The crafty fox as a character in fiction emerges in the early Middle Ages. The stories take colour from genuinely foxy behaviour. Wolves and foxes are natural enemies, competitors for the same food and habitats, and Reynard humiliates Isengrin the wolf by seducing his wife Hersent. He scornfully urinates on her whelps (urine marking is very foxy). Reynard’s revenge when Hersent’s cubs complain to their father, and she accuses him of rape, is more anthropomorphic: the wolves chase him, Hersent gets stuck in the mouth of a hole, and Reynard does then rape her in front of her husband. Even such unlikely scenes as Reynard preaching to congregations of geese may have been inspired by accounts of foxes being mobbed by birds. They are difficult pets: destructive and smelly (Macdonald has ‘always rather liked the lingering smell of fox urine’, but it is not a taste many acquire). Those seduced by the prettiness of a deserted cub (which probably wasn’t deserted at all) often come to regret their weakness. David Garnett’s lady who became a fox was pretty and troublesome. I am glad to know, incidentally, of a lady who called her pet fox James after a (sweet-smelling) contributor to the London Review.
A fox group, usually a dog fox and several related vixens, occupies a territory, which it hunts in and defends. Subordinate, non-breeding vixens help in the defence of the territory, and may spend much effort rearing the cubs of the dominant vixen. Why some of the vixens in a group do not breed is uncertain. They may be kept from the dog fox by the dominant vixen, or the fact of subordination may turn off the scent signals which would indicate receptivity. Macdonald thinks that social hierarchy is more important in vulpine fertility control than non-ovulation. In autumn most of the litter of the previous spring will disperse. The distances they travel to find a new territory averages four to six territory widths. In Boar’s Hill, one of the areas Macdonald has studied, the average size of territory is under a hundred acres, and the smallest only a quarter that size. In such country a fox may spend years within an area it can cross in a minute. In woodland, territories are larger, and in farmland larger still. In Cumbria, home ranges average more than 2400 acres, and a dog fox in the deserts of Oman had a range five times that size.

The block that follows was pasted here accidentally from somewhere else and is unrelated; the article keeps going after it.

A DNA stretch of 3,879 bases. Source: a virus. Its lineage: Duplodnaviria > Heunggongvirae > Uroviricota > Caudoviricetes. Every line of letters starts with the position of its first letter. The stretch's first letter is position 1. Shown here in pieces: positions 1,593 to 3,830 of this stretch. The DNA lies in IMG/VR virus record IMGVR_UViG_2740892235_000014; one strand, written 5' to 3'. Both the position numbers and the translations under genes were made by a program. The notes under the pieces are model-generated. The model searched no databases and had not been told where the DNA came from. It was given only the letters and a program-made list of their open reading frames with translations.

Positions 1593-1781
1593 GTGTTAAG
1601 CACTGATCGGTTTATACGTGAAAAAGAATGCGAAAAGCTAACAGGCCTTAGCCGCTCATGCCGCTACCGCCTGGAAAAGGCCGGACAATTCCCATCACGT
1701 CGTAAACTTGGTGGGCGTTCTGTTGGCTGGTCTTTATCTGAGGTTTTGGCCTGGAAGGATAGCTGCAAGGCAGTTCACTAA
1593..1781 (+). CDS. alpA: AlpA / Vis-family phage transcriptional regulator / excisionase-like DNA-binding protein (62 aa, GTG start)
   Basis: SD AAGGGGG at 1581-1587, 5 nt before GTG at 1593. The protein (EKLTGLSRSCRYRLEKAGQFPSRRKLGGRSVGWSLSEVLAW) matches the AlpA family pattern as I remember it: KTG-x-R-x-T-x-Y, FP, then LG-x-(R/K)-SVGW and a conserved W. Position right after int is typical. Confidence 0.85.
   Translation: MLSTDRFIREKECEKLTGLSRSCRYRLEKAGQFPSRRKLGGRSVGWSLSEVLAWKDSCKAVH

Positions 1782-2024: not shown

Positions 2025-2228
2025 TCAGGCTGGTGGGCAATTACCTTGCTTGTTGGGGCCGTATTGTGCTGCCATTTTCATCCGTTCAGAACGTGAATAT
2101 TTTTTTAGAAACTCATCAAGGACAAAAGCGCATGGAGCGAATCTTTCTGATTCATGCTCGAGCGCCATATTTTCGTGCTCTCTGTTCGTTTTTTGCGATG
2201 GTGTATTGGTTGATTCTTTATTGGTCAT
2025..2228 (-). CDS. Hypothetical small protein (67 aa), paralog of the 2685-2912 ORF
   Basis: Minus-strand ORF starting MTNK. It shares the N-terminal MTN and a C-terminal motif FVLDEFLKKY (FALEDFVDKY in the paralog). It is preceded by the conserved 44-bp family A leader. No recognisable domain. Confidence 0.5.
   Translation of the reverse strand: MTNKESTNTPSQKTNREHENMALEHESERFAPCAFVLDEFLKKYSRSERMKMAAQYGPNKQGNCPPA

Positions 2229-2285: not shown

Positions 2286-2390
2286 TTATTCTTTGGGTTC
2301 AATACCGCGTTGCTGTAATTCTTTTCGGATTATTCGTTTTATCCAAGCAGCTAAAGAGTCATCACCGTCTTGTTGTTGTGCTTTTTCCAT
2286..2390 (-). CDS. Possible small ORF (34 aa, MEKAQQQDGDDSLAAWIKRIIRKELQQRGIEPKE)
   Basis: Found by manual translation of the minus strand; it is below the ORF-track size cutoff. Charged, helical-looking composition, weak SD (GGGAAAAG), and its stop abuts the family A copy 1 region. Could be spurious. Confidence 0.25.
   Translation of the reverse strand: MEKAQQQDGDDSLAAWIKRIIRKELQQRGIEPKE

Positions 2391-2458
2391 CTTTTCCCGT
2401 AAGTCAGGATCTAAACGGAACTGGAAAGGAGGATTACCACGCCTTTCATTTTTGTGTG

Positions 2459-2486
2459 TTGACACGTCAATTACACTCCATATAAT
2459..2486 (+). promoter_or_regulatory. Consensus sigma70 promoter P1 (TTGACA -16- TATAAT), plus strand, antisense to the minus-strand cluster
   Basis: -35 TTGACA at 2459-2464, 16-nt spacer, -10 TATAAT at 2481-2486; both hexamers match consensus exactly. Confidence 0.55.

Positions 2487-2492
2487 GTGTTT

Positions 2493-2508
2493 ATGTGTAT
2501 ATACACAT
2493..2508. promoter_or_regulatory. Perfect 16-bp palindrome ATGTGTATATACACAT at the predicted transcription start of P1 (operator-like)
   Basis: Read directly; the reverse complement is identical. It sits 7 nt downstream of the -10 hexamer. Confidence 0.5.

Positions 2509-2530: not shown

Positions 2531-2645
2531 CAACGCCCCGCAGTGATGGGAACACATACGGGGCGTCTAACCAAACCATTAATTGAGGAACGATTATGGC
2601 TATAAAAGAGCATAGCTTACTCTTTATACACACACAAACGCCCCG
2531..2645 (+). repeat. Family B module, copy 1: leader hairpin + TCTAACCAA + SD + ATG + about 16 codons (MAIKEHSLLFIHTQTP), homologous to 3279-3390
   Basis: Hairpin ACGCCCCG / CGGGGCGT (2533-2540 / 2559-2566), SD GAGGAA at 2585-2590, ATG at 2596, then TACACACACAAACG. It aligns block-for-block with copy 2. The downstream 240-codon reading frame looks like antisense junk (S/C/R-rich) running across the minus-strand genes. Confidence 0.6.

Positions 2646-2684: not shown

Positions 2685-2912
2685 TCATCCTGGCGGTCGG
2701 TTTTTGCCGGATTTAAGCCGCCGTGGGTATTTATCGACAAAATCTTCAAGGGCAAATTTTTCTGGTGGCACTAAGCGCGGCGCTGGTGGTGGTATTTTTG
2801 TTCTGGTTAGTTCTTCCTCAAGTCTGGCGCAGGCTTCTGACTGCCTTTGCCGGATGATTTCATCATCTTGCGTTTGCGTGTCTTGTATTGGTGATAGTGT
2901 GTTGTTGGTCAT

Foxes are omnivorous and their diet varies greatly. Fecal analysis provides the hair which proves what vole or mole the fox ate, or the soil which proves the meal was of earthworms. A rubber castrating ring indicates lamb’s testicles, plastic string and silver paper dustbin scavenging. In a Cumbrian study, rabbit and bird made up more than half the diet, on Boar’s Hill earthworms were the single largest source of food, on a farm it was fruit. Variations in the availability of food affect population and territory size. One group of studies seems to show that in mixed farmland and forest, where voles are of minor importance in the foxes’ diet, territory and sizes are stable, the size of the group occupying each territory is large, and social suppression of reproduction occurs – there are many barren vixens. In the Boreal forest, on the other hand, territories expand and contract in response to fluctuations in the highly variable population of voles, which form the staple diet. In good vole years most vixens secure territories and breed, in bad vole years most do not.